Before telling how the weights are actually computed, let me give you a quick reasoning in the simple case you’d answer *it’s equivalent*. Keep in mind though that it’s not how things are actually done. Then the price value of 450$ converted into overall value plus the location value of Lionel-Groux converted into overall value, is equal to the price value of 350$ converted into overall value plus the location value of de l’Église converted into overall value. This gives us the following formula:

A little manipulation of the equation gives us the conversion factor between price values and location values:

Now, in this equation, we can replace the values by the ones found earlier. Suppose that, based on the determining value phase, we have established that the price values of 450$ and 350$ are .7 and .8, while the location values of Lionel-Groux and de l’Église are .6 and .4. Then, the above relation implies that 1 price value is equivalent to *(.4-.6)/(.7-.8)=2* location value.

Indeed. To be more accurate in this analysis, MACBETH will give you several comparisons like the previous ones, linking every two criteria. More precisely, it starts by considering a “neutral” alternative whose levels of criteria correspond to average values of levels of criteria. In our case, that could be an apartment for 550$, at Lionel-Groux, with pictures OK and undefined roommates. Then, it will consider two sorts of comparisons.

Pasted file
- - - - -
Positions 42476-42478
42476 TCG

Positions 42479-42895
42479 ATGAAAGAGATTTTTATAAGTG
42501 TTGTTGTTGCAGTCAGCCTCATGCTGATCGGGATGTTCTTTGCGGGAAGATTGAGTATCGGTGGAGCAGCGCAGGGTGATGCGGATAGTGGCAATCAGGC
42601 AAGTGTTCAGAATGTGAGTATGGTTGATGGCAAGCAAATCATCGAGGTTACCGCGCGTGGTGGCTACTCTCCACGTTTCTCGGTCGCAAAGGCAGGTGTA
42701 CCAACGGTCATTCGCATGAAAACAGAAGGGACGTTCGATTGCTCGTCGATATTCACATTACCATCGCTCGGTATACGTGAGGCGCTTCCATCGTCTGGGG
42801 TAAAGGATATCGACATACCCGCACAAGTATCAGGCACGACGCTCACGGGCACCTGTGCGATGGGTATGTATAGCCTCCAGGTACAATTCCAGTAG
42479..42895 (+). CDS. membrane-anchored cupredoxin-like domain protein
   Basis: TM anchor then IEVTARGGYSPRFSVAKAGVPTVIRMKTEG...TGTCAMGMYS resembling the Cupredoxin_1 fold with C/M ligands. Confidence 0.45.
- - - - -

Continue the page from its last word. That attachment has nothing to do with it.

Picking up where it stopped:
First, for every criterium, it will ask you how much you’d prefer having the best possible improvement on that criterium on the neutral alternative. So in our case, how much more attractive would the apartment be if, instead of costing 550$, it was for free? Or, how much more attractive would the apartment be if, instead of being at Lionel-Groux, it was downtown? Your answers can be: *very weak*, *weak*, *moderate*, *strong* and *very strong*.

Second, it will ask you to compare alternatives where two criteria differ as we did before, with modifications to the neutral alternative. For instance, how much more attractive would be an apartment for free at Lionel-Groux compared to an apartment at 550$ downtown? You’ll have the same set of possible answers. Eventually, you’ll be filling an array such as the following, where criteria are ordered given your answers:

Yes there can be. What’s nice is that MACBETH will highlight the inconsistencies and help you correct them.

Now, MACBETH will solve a simple optimization program to find a way to scale the criteria. This program will impose that the bigger is the difference of importance of two criteria, the larger should be the gap between their weights. Eventually this will give us a scale of criteria weights. This scale will enable the comparison of values of different criteria.